McCain's Behavior Raises Big Questions
As America's failing economy takes center stage, Sen. John McCain, self-styled straight-talking maverick, has delivered a performance nothing short of a theatrical pratfall.
In a series of near-hysterical, rapid-fire, constantly changing proclamations, the real McCain is unveiled.
He promises to clean up both Washington and Wall Street, conveniently ignoring that he has been residing at the intersection of politics and business for nearly three decades. He deplores any and all government bailouts of Wall Street, including one for the insurance behemoth, American International Group, but a day later supports government intervention to save the same AIG.
He declares "the fundamentals of our economy are strong" in the midst of the worst economic crisis of a generation and then is forced to backtrack immediately in the face of unfolding realities. He indignantly rails against links by the Obama campaign to Fannie Mae and Freddie Mac, when it is clear that both campaigns have substantial links to numerous financial institutions at the heart of the crisis.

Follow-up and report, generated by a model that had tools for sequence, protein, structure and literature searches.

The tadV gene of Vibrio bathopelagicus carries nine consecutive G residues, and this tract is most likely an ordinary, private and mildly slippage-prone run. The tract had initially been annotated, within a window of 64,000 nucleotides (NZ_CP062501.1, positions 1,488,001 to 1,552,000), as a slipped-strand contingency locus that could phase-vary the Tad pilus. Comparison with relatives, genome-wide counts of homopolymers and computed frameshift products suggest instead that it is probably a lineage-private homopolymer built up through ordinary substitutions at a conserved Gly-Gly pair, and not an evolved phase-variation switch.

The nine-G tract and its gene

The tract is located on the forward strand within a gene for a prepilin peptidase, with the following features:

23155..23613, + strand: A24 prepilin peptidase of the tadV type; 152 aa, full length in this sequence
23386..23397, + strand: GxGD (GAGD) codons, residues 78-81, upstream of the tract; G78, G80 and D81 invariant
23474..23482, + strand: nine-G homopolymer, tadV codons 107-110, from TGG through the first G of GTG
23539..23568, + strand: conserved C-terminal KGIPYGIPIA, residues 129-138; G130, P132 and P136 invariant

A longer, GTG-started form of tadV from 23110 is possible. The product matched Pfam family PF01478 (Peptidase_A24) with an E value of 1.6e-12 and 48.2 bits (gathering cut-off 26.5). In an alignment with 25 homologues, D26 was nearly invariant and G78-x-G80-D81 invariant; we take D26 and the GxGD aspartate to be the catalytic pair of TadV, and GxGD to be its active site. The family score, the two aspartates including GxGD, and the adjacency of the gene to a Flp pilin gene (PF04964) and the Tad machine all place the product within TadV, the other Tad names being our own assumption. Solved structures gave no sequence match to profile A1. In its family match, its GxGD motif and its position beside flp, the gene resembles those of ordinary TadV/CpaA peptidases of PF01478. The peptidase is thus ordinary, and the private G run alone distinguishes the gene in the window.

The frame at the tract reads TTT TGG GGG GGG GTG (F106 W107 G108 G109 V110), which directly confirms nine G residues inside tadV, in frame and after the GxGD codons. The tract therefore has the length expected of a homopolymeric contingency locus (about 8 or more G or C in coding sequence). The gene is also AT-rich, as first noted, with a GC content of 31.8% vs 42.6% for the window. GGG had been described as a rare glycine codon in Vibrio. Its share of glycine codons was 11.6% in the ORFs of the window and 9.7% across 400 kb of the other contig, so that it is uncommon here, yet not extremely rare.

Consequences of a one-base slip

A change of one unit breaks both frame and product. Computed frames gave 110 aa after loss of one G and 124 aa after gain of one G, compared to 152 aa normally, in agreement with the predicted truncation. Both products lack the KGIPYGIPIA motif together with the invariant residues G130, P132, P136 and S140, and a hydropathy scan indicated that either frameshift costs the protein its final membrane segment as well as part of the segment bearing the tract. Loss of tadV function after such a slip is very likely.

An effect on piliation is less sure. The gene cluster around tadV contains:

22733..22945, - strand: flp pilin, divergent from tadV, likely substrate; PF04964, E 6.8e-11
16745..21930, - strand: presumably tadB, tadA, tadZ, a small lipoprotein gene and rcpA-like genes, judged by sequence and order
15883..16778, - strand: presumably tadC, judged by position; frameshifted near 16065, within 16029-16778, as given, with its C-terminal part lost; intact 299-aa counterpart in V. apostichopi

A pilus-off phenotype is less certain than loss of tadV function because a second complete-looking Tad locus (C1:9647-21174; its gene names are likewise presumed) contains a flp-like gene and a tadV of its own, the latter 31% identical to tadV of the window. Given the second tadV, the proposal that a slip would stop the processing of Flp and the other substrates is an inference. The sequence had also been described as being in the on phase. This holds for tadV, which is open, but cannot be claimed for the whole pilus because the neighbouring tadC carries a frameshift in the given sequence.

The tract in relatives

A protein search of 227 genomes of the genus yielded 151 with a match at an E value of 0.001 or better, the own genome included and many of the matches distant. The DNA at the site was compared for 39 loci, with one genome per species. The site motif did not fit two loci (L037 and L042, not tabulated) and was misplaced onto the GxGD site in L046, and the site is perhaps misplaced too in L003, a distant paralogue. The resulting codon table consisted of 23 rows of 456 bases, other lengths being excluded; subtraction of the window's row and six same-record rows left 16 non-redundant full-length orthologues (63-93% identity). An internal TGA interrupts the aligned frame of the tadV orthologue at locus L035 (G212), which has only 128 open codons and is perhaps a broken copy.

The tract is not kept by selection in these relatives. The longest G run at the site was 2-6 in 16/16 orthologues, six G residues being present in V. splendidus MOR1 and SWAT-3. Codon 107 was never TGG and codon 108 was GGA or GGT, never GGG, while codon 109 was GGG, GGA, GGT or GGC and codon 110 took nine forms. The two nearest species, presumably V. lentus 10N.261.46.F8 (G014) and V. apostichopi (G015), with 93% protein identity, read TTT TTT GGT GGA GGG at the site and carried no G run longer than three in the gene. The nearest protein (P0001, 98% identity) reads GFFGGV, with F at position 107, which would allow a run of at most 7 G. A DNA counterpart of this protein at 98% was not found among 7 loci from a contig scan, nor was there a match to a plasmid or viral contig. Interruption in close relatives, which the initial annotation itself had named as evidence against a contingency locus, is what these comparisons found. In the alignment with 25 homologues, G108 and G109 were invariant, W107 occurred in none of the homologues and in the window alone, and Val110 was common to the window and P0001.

He was a conspicuous champion of massive deregulation at a time when more government oversight would have helped, but now advo-cates using government to rescue us from those failures.
Instead of sharing the blame, in view of his long service in the Senate (including years as chairman of the influential Commerce Committee), he now calls for the head of a former Republican colleague who chairs the Securities and Exchange Commission (a temperamental reflex The Wall Street Journal characterizes as "unpresidential").
Apparently, in McCain's world, the SEC chairman has betrayed "the public's trust," and he, McCain, has not.
It is worth asking how McCain's impulsive, unusually personal reactions to people and events in the current crisis would translate to other volatile and dangerous situations he would face as president.
Carl R. Ramey
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